It’s incredible that herds of this size are still roaming wild in the 21st century.
Pronghorns are often referred to as antelope due to their resemblance, but they are actually a completely separate species from those who roam the African plains. Oddly enough, their closest living relative is the giraffe, despite being less than 5 feet long and weighing around 100 pounds.
They are the last remaining of the 11 members of the Antilocapridae family that were native to the United States and are the fastest mammal in the western hemisphere.
Pronghorns are found all across the western states, from Montana to California and all the way down to Texas, with an estimated total population of 1.1 million, according to Texas Parks & Wildlife. However, Wyoming is where you can find the United States’ largest population. So much so, that there is actually more pronghorn than people in Wyoming.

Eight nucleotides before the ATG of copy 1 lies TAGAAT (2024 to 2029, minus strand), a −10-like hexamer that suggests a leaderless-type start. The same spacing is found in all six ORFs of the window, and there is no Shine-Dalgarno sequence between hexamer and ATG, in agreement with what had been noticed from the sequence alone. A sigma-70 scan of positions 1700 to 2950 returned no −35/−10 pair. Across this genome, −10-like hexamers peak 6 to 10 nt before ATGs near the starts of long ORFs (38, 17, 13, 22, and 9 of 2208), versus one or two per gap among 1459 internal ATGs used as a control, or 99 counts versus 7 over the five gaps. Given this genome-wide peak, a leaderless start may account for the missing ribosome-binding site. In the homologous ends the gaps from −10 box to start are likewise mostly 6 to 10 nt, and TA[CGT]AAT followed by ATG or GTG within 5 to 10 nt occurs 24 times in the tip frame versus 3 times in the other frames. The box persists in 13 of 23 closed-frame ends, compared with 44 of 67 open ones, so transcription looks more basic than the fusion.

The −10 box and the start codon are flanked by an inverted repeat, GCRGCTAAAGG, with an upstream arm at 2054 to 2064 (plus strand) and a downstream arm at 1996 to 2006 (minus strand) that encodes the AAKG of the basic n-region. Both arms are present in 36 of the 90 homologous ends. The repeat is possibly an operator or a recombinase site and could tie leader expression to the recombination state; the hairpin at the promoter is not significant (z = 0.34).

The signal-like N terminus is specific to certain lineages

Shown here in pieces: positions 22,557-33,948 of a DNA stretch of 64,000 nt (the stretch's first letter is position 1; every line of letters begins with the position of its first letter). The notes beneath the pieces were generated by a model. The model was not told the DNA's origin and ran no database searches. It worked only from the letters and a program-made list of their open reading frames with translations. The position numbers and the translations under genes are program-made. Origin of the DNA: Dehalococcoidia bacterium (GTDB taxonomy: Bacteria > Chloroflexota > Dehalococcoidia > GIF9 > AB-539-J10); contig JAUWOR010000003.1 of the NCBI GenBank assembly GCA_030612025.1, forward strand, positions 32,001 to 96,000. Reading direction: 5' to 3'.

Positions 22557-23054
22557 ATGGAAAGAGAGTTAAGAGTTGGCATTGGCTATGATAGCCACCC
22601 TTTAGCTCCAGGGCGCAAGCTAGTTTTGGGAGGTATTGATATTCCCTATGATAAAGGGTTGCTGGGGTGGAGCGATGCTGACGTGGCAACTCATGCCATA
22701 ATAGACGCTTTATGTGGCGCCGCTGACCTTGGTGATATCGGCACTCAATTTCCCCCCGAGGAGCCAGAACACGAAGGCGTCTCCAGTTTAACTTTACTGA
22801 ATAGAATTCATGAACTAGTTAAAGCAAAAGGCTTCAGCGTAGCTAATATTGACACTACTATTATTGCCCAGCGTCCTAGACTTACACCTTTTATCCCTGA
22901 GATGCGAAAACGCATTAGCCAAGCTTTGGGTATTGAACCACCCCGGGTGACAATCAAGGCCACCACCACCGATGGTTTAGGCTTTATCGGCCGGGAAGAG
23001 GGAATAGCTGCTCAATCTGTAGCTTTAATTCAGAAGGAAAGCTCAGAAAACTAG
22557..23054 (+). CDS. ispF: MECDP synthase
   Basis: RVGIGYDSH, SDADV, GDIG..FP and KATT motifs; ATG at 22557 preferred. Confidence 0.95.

And drivers in Wyoming late last year were treated to an incredible sight when a massive herd of pronghorn started moving across a snow covered road.
There were hundreds, if not thousands, prancing together in search of suitable land and it really makes you think what the world looked like before people started building highways and cities.
If this isn’t proof the west is still wild, I don’t know what is.